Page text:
SuttaCentral

I want to see what's actually there..how?


#1

OK so, keep the precepts, meditate, learn the dhamma. So, that’s not the answer I’m looking for right now.

Lets say there is a man or a woman who lives life believing that the five hinderences don’t confuse one’s perception but they do (that’s my conviction).

So the Buddha (or another teacher) comes along and makes the blind man or woman see that the world is full of magic, incredibly badly behaved Individuals, so for the good, so for the neutral: a veritable cesspit of nature.

Someone sees a top hat and when they look again its a baseball cap. Their perception won’t allow him to see what’s actually there because their brain will not stop filtering. Pretty please provide some suttas, advice or shortcuts for a fool. Thank you :sweat_smile:


#2

No need to think so much. When you’re breathing in, just know “I’m breathing in” and when you’re breathing out, just know “I’m breathing out.” In that way you see what’s actually there. :grin:


#3

Then after you’re developed in your one-pointedness of mind, watch the five aggregates:

Rupa or form: the sensation of air, felt at the skin of the nostrils.
Vedana or Feeling: notice pleasantness, unpleasantness or neutral feelings, of the ‘breath’.
Sanna or Perception: identifying thought, of inhalation or exhalation, or one of the five hindrances
Sankhara or mental fabrications: intentions - to observe a certain aspect of phenomena, intention to inhale/exhale (voluntarily…), more complex mental fabrications (thought, emotions, etc).
Vinnana/consciousness, referring to the multiple consciousnesses that arise at each of the six sense doors, one after the next! This would be consciousness of breathing, but specifically at the skin door.


#4

…monks develop concentration, (for one whose mind is concentrated) knows things as they truly are…


#5

In my experience, and no, I’m not claiming any “attainments,” it happens by itself. You’re actually seeing reality right now, but your pesky brain is conceptualizing it. Sometimes that conceptualizing will stop of its own accord. Trying to make it happen won’t make it happen.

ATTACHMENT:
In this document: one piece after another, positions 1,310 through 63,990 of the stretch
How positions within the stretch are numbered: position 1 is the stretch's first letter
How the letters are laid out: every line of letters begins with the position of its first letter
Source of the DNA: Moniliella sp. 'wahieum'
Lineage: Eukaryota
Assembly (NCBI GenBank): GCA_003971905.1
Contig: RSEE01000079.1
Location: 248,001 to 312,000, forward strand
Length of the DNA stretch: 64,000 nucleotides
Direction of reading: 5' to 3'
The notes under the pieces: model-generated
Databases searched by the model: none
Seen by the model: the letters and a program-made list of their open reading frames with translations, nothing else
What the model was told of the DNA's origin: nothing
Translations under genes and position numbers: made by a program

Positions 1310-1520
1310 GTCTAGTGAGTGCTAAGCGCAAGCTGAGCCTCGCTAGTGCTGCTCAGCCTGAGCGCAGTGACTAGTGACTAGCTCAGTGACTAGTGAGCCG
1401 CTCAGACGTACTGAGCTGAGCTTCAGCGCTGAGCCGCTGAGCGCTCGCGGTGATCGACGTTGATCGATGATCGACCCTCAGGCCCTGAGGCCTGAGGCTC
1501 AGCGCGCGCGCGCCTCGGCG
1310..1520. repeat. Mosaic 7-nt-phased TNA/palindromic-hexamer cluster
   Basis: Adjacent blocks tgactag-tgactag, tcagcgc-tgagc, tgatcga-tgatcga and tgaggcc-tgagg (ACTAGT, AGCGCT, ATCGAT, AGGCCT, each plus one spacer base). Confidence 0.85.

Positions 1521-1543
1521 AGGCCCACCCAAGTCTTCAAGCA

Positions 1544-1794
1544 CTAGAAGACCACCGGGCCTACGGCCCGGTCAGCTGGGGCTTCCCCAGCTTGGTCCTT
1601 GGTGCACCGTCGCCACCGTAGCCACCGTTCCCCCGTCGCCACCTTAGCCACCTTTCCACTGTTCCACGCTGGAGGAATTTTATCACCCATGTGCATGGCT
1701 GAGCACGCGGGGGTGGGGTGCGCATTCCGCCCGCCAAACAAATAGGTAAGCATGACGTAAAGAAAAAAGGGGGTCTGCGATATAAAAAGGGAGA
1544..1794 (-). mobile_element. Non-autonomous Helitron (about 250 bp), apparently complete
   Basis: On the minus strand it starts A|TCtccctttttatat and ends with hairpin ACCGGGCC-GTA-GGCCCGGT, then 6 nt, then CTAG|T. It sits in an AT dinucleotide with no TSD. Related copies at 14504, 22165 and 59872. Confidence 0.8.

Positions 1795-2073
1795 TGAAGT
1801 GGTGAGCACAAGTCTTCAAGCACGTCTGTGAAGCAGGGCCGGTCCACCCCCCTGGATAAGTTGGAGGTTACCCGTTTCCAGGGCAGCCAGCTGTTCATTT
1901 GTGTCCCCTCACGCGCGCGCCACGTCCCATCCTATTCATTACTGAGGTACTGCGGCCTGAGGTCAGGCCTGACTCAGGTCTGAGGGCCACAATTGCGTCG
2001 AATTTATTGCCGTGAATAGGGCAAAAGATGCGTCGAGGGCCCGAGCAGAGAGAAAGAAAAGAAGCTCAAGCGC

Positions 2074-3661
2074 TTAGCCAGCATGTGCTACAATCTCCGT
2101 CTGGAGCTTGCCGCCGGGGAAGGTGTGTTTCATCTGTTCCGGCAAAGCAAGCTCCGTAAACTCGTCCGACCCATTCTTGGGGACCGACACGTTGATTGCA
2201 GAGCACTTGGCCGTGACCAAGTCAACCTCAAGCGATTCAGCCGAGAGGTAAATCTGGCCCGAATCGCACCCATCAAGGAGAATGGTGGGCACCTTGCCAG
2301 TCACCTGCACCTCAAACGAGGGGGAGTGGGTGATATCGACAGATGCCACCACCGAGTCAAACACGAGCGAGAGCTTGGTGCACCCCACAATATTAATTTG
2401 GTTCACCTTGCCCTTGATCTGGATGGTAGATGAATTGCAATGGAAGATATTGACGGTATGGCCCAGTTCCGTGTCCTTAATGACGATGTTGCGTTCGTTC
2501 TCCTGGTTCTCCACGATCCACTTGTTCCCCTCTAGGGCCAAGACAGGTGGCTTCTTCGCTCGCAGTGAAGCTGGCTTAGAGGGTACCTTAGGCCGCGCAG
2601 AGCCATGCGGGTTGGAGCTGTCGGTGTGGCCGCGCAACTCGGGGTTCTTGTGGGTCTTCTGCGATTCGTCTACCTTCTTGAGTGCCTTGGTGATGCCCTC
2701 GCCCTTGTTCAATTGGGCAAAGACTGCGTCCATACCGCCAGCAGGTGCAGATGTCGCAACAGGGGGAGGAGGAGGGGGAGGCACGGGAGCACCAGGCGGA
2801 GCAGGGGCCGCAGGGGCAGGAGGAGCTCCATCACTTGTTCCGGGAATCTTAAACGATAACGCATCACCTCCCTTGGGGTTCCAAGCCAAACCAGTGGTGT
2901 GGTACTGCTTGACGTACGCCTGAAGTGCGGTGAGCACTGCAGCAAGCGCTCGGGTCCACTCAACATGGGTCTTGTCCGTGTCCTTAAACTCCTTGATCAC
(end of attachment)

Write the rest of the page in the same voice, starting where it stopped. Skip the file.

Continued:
#6

On a totally unrelated topic @yodha @sujato @brahmali. If this is a road to power, do I need to cultivate perception to fade away? Right view yeah, but?


#7

Is it ot ask about time dilation?


#8

That’s a bit deep venerable. Without chit chat do you have anything for someone who can’t “concentrate” but sees a mirrage of things as the May bee, have been or should be?


#9

Re reading your post helped. A snip of this, then a snap of that, just as my brain filtered it.


#10

Lol we’ll do your mean that ‘your thinking’ is always proliferating about the maybees or could bees of the past and future? I find graphic imagery better than just conceptually thinking of things like death and dukkha, I have a lot of asubha images than can often help flip the perception from one of being interested to being…mortified! Let us know if you’re interested


#11

I notice you dispensed with the chit chat in your first reply. Asubha… Well I might have to pass for now and yes the proliferation got pretty bad last night. I wish I had a question bhante.


#12

You’re doing fine. Just breathe! You’ll be ok


#13

That’s always the way to go. Thanks Bhante @Khemarato.bhikkhu for reminding us. If my mind starts getting busy, bringing it back to the in and the out breaths is every time the best support. Even at the times when it’s hard and it’s like reaching for a swinging rope it’s still the best way to start calming the mind. :smile:


#14

If I understand you correctly @Vattha you want to experience something different than regular daily living so that your faith may be verified.

This is something that I’ve myself worked hard towards for a long time, over a decade.

The conclusion I’ve come to through my own experience is that two variables or “doors” must be met or “unlocked” no matter what, and without unlocking these two doors at the same time, you will not be able to see this life changing experience.

What are they?

  1. Seclusion from unwholesome states
  2. Seclusion from sensual desire

In order to meet the first requirement, you need to develop the virtue training (Right Thought, Right Speech, Right Action, Right Livelihood), specifically Right Thought. The best way to do this is Brahma Vihara meditation or this guide by Ven Gavesako based on the suttas: